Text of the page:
Draft plan foresees a freer-flowing Colorado River
If a draft plan for
managing the massive Glen Canyon Dam in northern Arizona gains
final approval, the Colorado River could run through the Grand
Canyon much as it did before dam-builders arrived there in
The Glen Canyon draft EIS, released by the
Bureau of Reclamation Jan. 6, would protect the canyon from the
erratic flows that have characterized the last quarter
"Virtually every page
of this document represents a new way of thinking about water in
the West," says Tom Jensen, director of the Grand Canyon Trust.
"Commissioner Dan Beard and the Bureau of Reclamation have gone far
beyond the Bureau's traditional perspective which viewed Glen
Canyon Dam as just a tool to store water and generate power."
Former Secretary of the Interior Manuel Lujan
ordered the EIS in 1989, in response to complaints that changes in
water levels of up to 13 feet in one day swept away beaches and
artifacts, damaged native plants and fish, and short-changed Indian
reservations and other users downstream (HCN, 8/26/91).
In 1991, the Bureau of Reclamation issued
interim regulations to manage flows until the EIS was completed.
These cut the daily water fluctuations by 75 percent and kept dam
discharges between 5,000 and 20,000 cubic feet per second (cfs).
Legislators wrote these conservation measures into law in 1992 with
the Grand Canyon Protection Act (HCN, 11/2/93). Chief EIS scientist
Duncan Patten says that law "now puts the teeth into the draft EIS,
and guarantees the measures will be followed."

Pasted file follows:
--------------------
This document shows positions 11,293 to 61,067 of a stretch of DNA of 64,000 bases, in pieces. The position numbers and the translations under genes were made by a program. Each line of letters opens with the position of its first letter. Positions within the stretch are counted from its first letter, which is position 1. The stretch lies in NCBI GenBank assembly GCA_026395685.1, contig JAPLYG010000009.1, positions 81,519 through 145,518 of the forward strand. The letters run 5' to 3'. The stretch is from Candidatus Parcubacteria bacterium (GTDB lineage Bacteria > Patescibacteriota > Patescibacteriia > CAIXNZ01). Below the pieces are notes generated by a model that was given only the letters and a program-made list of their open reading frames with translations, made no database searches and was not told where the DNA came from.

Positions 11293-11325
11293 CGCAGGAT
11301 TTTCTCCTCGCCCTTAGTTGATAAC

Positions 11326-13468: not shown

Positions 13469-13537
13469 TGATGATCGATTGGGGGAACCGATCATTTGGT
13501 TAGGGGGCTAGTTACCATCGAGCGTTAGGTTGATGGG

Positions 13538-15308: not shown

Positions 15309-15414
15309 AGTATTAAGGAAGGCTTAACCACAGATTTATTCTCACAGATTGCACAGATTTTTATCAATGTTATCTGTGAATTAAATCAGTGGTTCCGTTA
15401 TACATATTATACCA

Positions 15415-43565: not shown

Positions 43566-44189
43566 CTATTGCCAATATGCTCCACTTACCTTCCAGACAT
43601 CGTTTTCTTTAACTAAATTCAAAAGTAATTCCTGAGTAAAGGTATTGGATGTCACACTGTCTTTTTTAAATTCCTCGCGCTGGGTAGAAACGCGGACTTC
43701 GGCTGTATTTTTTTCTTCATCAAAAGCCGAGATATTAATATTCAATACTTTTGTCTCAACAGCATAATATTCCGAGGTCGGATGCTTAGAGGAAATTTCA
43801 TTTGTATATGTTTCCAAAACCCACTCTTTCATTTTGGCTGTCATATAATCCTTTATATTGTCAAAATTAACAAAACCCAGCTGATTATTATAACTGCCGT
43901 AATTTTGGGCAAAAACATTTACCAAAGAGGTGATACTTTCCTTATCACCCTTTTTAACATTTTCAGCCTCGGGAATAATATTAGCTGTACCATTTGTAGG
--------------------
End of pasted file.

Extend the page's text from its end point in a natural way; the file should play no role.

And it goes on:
The draft EIS lists nine flow alternatives which will be open for
public comment through April 11. The Bureau's preferred
alternative, the "Modified Low Fluctuating Flow Alternative,"
advocates continuing the same flow levels set by the interim
regulations in 1991.
But the new plan also
includes important flow exceptions for research and power
production, and a new approach which the Bureau calls "adaptive
management." Duncan Patten, senior researcher for the EIS, says
"the draft EIS is unique because the flows aren't set in concrete."
Adaptive management could alter the EIS for endangered fish
research, beach habitat restoration and flood protection, he says.
This provision makes some environmentalists and power brokers
Power distributors worry about the
Bureau's plans to protect the endangered humpback chub and
razorback sucker. While biologists say the fish need steady flows
through the spring and summer for spawning, representatives from
the federal agency that markets hydropower, the Western Area Power
Administration, aren't convinced. WAPA engineer Ron Moulton says
the benefits of the steady flows may only be minor. Instead of
steady flows, he suggests gradually modifying interim flows to
protect the fish.
Almost one-third of the dam's
1350 megawatt capacity cannot be used under steady flows, says
Jerry Demel, a manager for Denver's Tristate Electric Association.
Demel says the limitations would force WAPA to purchase surplus
energy from coal-burning plants and other dams during peak energy
demand. The switch could cost the average household an additional
$180 per year, and would also hurt small businesses and irrigators,
In another conservation measure, the
draft EIS suggests allowing 40,000 cfs releases about once every
decade to mimic flash floods. Scientists hope the floodwaters would
deposit sand and nutrients high above the typical water level,
restoring sediments lost to gradual erosion.
The plan would also allow exceptions for power producers. In the
preferred alternative, WAPA can still violate dam restrictions
about 20 hours per month to respond to sudden demands for power.
The 1991 interim guidelines allowed for this exception as well, but
WAPA has seldom used it, according to Patten.
Some environmentalists worry that such flexibility might lead to
abuse. American Rivers vice president Dale Pontius says his group
wants to make sure the final EIS does not allow any changes in dam
operations that would compromise the management of the Colorado
River as a dynamic natural system.
Bryan Foster, HCN